The gist: Eleven endangered Siberian tigers died in a Shenyang zoo after being fed nothing but chicken bones for the past three months. Two other starving tigers were shot and killed after they attacked a zoo employee. Some zoos may be deliberately breeding more tigers than they can care for, in order to sell the carcasses on the black market, where they will fetch a high price as ingredients in traditional medicine.
We've all commented on the terrible conditions in Chinese zoos and even speculated about the black market ties, and unfortunately I can't say that I'm totally surprised that this has happened. The lack of oversight and mistreatment of the animals is indicative of a greater problem that, as far as I can tell, seems to be growing - the inability of the growing middle class to manage wealth. From my own limited experiences, it seem like people are getting far richer far more quickly than they ever were in the past, and no one - not the government or the average citizen - knows what to do with the newfound wealth. This can manifest itself in innocuous ways, like flashing name brands or being herded around on "vacations" that shuttle tourists from photo op to photo op because one believes that someone with money and some leisure time should go on "vacation."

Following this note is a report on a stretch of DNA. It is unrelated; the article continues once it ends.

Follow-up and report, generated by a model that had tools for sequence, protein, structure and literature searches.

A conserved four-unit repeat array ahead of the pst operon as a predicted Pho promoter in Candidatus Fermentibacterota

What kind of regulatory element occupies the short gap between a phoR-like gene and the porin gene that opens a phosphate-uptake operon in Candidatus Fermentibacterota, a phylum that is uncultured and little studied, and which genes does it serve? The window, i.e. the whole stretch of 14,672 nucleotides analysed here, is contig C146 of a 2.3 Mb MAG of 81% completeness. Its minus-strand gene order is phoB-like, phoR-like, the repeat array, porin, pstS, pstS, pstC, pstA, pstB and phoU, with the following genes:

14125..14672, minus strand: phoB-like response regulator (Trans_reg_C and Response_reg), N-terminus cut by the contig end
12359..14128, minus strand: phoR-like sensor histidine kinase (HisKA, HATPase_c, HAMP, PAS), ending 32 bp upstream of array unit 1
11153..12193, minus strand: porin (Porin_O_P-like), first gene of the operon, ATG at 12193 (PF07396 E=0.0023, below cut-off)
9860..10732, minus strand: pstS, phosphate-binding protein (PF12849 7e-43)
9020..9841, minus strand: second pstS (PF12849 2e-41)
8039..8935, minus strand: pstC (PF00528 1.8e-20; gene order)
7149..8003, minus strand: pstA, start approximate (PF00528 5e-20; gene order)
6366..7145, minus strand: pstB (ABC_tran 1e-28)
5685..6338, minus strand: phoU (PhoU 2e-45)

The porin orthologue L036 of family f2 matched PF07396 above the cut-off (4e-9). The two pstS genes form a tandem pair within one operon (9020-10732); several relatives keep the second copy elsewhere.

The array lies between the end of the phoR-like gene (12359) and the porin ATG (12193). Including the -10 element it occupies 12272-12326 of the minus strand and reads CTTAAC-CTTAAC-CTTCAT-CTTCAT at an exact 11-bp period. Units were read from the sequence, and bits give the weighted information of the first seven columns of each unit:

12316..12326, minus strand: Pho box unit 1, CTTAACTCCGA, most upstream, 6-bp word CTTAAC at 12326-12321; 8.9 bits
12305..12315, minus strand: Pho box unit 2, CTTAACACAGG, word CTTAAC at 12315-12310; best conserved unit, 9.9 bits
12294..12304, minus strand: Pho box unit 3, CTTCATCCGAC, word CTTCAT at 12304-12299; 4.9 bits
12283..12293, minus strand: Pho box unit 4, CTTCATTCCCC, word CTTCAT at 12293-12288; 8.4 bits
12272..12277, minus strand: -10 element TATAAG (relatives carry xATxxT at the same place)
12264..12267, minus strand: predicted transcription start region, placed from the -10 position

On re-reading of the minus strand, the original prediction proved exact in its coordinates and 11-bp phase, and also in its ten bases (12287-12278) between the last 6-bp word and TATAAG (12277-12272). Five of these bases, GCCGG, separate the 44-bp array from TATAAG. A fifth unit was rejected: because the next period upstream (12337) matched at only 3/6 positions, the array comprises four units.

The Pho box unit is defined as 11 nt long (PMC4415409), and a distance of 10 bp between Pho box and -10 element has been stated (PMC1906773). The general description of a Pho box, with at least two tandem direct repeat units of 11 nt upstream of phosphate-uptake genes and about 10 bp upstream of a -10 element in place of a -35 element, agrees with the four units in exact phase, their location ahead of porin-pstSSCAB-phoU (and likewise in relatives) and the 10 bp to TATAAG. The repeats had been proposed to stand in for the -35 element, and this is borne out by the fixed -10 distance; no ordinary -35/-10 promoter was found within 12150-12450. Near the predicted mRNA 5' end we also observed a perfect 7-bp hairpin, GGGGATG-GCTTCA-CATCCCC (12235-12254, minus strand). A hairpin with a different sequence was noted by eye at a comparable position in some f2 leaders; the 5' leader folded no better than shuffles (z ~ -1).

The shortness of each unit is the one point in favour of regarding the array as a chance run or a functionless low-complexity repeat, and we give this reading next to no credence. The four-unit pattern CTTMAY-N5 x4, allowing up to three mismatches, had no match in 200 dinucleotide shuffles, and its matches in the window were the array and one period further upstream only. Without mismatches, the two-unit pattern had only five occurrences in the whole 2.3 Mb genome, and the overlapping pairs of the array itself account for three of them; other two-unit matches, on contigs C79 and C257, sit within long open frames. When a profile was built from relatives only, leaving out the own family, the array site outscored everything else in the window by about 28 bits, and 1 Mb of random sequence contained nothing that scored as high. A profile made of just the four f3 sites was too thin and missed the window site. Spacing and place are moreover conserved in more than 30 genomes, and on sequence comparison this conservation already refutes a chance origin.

However, an inability to manage wealth can also manifest itself in much more dangerous ways, such as the glut of luxury cars being driven by people who have never taken a driving course, or the increasing number of newly-rich entrepreneurs who choose to save their money because they have no idea how to invest it. The deaths of the tigers are another example: the economic situation of the citizens of Shenyang was likely mirrored in their city government, which is a part-owner. The government followed the examples set by other developed countries and wagered that families with disposable incomes would enjoy visiting a zoo, so they built one - without any idea how to care for the endangered animals housed therein or any clue as to how to manage such a large-scale operation. The zoo subsequently went broke, and the owners resorted to killing the animals to get a loan.
This kind of inability to manage wealth, combined with a lack of government oversight and codification of standards, has created a number of other disasters: some have already occurred, like the devastation the earthquake wrought on the poorly-designed high-rise apartment and office buildings in Sichuan, and some are still looming, like the environmental degradation caused by giant factories that churn out billions of yuan worth of products but lack any kind of real oversight. It's difficult to see when and how any of this will change, especially because any real oversight is impossible when local governments - like the city government that is a part-owner of the zoo - have no power to make radical policy changes without first vetting the changes through the Party machine.
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